The Dorchester: A Five Star Luxury Getaway Awaits

The Dorchester: A Five Star Luxury Getaway Awaits

Check-in for a long weekend of luxury at one of the world’s most iconic hotels.

For our London Fashion Week interview and photoshoot with Leonie Hanne, founder of and one of Instagram’s most enviable and inspiring fashion accounts, team Marie Claire was generously hosted by the iconic The Dorchester Hotel. Fashion photographer Kyle Galvin photographed Leonie within the luxurious Mayfair Suite – one of the hotels most beloved rooms.

Photo Credit: Kyle Galvin

Nestled into the east corner of Hyde Park, from the minute I arrived at The Dorchester I felt myself relax. Despite being at the hotel for work the team and I all shared how welcomed and calm we felt there. The incredible concierge team assisted and coordinated everything with ease and the kind of knowledge, you knew you would be able to call upon, to assist you with everything from securing a last minute theatre booking to a private gallery viewing.

Here’s everything you need to know about The Dorchester:

The hotel:

Favoured by royalty and Hollywood’s A-list, The Dorchester has hosted numerous state banquets and legendary parties. Steeped in London’s history and a destination in itself the iconic five star hotel is grade-II listed. With 250 rooms and three penthouse suites to choose from, a luxurious spa and 3 Michelin starred Alain Ducasse restaurant to indulge in there’s never been a better time to treat yourself (and a loved one) to a weekend getaway.

The rooms:

From Deluxe Queen Rooms to palatial suites (overlooking their historic namesake The Mayfair Suites are available from £1,7650) and extraordinary penthouse suites (The Harlequin’s clean lines, colour pops and clever use of glass provide glamour and celebrity intrigue) each feature handmade Vispring beds, combining the finest materials (with individually pocketed springs) to ensure you have a great night’s sleep in ultimate comfort. Ideal for a suite escape.

115 of the 250 rooms have views across to Hyde Park. Adorned in an eclectic mix of opulent, chintzy decor with traditional features celebrated by decadent palettes. Comfort levels are high with the gorgeous marble and chrome bathrooms a real highlight – the deep baths are considered among the best in London.

The food:

Since The Dorchester’s grand opening in 1931 the Afternoon Tea at The Promenade has been part of the heart of the hotel. Hosted in the drawing room of the Mayfair it’s a decadent experience full of tradition, indulgence and the hotels delicious cakes. Ideal for a celebration of a loved one, generations have fallen in love with the grandeur and indulgence – it’s the true definition of a day well spent in London that you’ll always remember.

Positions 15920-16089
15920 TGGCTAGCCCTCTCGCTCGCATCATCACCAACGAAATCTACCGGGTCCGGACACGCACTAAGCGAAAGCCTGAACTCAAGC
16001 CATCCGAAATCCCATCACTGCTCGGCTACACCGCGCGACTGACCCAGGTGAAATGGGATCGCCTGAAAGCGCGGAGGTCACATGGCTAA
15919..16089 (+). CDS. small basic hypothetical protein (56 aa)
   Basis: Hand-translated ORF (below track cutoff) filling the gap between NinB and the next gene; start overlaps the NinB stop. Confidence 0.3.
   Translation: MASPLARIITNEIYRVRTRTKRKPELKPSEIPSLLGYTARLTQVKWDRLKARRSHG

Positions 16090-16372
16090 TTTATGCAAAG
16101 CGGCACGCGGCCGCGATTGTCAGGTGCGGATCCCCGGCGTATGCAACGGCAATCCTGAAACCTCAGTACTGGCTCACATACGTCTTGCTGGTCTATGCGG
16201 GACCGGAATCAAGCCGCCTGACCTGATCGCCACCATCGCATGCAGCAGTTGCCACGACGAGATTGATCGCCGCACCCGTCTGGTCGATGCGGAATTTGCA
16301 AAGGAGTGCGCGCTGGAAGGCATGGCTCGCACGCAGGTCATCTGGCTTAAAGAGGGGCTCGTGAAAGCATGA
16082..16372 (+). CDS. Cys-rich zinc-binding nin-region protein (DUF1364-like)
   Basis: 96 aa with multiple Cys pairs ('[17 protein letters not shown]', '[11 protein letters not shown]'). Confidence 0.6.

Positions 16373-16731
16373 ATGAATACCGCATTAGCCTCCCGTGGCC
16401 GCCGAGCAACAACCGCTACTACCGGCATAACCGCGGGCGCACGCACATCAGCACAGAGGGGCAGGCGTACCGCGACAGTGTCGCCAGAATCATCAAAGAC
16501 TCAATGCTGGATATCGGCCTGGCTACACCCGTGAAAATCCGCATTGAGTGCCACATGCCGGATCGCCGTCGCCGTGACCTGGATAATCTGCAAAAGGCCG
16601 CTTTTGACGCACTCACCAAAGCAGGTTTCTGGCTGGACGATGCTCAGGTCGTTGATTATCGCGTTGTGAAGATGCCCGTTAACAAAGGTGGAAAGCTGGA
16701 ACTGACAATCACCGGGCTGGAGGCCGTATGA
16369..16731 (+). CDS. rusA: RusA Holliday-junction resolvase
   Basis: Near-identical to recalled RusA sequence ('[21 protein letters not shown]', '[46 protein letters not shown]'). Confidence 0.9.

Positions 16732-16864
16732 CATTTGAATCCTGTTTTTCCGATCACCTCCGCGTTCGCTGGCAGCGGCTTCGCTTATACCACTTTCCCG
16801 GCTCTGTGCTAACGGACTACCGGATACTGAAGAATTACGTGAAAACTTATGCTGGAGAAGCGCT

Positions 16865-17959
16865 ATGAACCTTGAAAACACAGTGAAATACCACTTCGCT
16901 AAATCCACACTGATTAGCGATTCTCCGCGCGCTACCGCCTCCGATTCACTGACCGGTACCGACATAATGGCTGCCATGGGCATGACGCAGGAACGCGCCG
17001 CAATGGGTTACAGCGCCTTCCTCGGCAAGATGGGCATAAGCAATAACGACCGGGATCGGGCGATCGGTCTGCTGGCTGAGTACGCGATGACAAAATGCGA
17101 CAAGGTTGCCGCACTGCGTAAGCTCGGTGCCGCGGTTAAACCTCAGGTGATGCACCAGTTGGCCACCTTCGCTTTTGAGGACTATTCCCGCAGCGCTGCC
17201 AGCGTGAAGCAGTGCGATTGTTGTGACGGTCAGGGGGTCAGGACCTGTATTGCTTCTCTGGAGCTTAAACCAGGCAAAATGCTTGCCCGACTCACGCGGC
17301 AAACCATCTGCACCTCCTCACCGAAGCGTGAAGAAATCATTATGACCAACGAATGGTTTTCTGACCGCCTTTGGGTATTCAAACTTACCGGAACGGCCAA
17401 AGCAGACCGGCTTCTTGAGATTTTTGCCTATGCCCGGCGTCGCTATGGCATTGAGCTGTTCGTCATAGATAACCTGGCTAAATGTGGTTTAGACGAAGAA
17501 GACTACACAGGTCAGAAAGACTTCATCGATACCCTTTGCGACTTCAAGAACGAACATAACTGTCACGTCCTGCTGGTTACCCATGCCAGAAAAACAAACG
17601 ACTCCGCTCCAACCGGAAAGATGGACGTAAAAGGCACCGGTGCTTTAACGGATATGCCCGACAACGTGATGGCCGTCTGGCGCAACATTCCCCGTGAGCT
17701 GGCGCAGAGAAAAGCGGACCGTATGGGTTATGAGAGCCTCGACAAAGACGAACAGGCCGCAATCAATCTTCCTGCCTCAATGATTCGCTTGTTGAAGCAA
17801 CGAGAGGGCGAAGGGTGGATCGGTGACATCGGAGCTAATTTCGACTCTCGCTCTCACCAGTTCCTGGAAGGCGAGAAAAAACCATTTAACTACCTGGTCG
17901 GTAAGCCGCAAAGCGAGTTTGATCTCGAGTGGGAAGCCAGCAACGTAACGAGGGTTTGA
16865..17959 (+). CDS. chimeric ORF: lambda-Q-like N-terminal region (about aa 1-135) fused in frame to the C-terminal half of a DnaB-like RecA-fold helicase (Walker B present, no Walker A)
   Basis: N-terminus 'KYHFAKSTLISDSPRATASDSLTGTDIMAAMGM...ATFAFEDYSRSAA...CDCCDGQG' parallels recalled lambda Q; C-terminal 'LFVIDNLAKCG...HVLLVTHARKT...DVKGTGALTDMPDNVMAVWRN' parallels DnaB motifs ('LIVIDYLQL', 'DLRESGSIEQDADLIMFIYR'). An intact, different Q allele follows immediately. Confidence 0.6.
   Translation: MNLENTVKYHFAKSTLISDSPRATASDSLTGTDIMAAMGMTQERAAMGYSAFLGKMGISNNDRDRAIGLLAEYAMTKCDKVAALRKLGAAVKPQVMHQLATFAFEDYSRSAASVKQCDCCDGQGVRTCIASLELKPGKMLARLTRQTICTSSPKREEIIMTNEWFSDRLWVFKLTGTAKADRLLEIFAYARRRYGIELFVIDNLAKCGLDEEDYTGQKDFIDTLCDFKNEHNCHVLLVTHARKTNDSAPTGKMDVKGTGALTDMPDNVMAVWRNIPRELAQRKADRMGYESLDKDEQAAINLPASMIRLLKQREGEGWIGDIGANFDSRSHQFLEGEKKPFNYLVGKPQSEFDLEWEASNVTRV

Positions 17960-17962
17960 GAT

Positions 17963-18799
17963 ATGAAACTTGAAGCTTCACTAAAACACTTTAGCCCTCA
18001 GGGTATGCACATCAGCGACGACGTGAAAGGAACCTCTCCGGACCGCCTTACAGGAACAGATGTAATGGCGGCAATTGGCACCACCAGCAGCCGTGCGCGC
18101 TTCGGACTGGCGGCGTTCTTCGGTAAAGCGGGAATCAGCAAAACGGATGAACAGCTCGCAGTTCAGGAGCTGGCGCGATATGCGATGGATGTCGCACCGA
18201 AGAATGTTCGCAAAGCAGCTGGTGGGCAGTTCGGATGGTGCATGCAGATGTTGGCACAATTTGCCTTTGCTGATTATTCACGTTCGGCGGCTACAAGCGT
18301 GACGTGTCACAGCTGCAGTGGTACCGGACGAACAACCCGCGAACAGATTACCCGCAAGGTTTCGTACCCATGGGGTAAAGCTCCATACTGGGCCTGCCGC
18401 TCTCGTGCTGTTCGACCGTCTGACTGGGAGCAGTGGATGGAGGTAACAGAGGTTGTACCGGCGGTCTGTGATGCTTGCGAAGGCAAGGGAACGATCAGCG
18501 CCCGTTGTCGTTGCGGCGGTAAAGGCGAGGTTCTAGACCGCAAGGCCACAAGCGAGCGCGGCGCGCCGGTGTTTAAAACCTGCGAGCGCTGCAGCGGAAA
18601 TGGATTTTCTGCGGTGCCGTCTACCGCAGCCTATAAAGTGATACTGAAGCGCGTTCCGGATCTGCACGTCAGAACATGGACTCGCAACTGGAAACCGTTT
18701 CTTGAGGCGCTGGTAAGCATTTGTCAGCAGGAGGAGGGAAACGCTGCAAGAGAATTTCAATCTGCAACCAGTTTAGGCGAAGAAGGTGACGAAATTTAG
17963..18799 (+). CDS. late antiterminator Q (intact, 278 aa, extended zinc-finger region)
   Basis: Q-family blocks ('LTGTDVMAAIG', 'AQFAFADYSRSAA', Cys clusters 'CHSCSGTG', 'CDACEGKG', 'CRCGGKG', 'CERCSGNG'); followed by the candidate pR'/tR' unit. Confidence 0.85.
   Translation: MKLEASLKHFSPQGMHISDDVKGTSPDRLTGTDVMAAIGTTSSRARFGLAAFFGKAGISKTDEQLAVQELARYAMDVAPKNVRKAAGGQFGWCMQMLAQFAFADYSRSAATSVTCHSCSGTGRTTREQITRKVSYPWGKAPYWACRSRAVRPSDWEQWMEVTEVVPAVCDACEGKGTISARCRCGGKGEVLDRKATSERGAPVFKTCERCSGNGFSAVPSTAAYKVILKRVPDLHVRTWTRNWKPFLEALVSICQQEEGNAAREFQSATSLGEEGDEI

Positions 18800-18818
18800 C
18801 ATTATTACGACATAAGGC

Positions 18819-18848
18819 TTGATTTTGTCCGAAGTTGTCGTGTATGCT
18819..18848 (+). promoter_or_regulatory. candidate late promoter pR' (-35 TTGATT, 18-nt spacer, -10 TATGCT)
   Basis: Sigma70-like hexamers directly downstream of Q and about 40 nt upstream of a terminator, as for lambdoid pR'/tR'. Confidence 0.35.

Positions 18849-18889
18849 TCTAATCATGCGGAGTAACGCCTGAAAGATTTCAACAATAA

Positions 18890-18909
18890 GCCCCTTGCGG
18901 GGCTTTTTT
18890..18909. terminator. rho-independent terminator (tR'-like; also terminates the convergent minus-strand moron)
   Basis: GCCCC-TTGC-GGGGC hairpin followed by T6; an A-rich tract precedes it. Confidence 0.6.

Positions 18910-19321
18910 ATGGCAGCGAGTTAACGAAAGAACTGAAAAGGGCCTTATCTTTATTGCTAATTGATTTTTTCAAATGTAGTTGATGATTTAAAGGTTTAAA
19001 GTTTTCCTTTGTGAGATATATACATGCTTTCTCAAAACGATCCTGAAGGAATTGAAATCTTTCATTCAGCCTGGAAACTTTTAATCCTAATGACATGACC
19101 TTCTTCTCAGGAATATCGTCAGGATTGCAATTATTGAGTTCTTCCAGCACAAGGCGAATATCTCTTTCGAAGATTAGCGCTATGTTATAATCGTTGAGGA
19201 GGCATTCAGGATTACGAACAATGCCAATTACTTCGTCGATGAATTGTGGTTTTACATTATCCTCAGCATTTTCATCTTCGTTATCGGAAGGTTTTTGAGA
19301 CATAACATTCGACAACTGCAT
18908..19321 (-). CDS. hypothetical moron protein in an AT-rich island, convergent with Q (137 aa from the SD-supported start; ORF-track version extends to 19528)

With The Grill at The Dorchester relaunched in November of last year under one of London’s finest young chefs, Tom Booton leading his personal (and coveted) interpretation of modern-day British grill with signature dishes from homemade stout bread to prawn Scotch eggs and lobster thermidor tart. The delicious ‘Pudding Bar’ a firm favourite amongst guests for a truly indulgent experience you can reserve a spot for two (click here) to enjoy a final course of delectable desserts in new surroundings at the countertop with the opportunity to interact with Tom and his chefs as they create your pudding in front of you.

The spa:

A glamorous art deco pampering destination, you’re likely to have seen the luxurious setting of The Dorchester Spa on your Instagram feed. Offering a wide range of treatments from award-winning international facialist Adeela Crown’s high-performance facials, available only at The Dorchester Spa, to champagne manicures.

The Dorchester Rose:

Seven years in the making, the entire hotel was transformed to celebrate the arrival of ‘The Dorchester Rose’ and the opening of ‘Florist at The Dorchester’. Internationally renowned for his floral arrangements which adorn the hotel florist Philip Hammond showcases the new variety of rose in the most spectacular displays.

Designed to complement the interior tones of The Dorchester the shape and hue of the pale blush rose is entirely unique, with the pink tones developing as the rose opens. With the rose set to be celebrated throughout the year – Philip estimates that around 50,000 stems will be used to create displays. in the public areas, rooms and suites.

Visit the boutique ‘Florist at The Dorchester’ to shop signature and bespoke arrangements.

Book now:

You can book via The Dorchester site, with a Deluxe Queen Room rate starting at £463 a night.

53 Park Lane

020 7629 8888

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You can now stay at this stunning Airbnb castle for just £13 a night

You can now stay at this stunning Airbnb castle for just £13 a night

airbnb castle
Credit: Airbnb

Whatever you look for in an Airbnb, there is quite literally something for everyone – did you know that you can book in to a dog-shaped Airbnb? Or settle into Bella Swan’s Twilight house? You can also stay in a llama and alpaca treehouse or treat yourself to a night at Joe Jonas and Sophie Turner’s beautiful wedding venue.

Oh, and Harry Potter’s childhood home is also listed on the home rental website if you’re a witch/wizard who likes to get away on the weekend.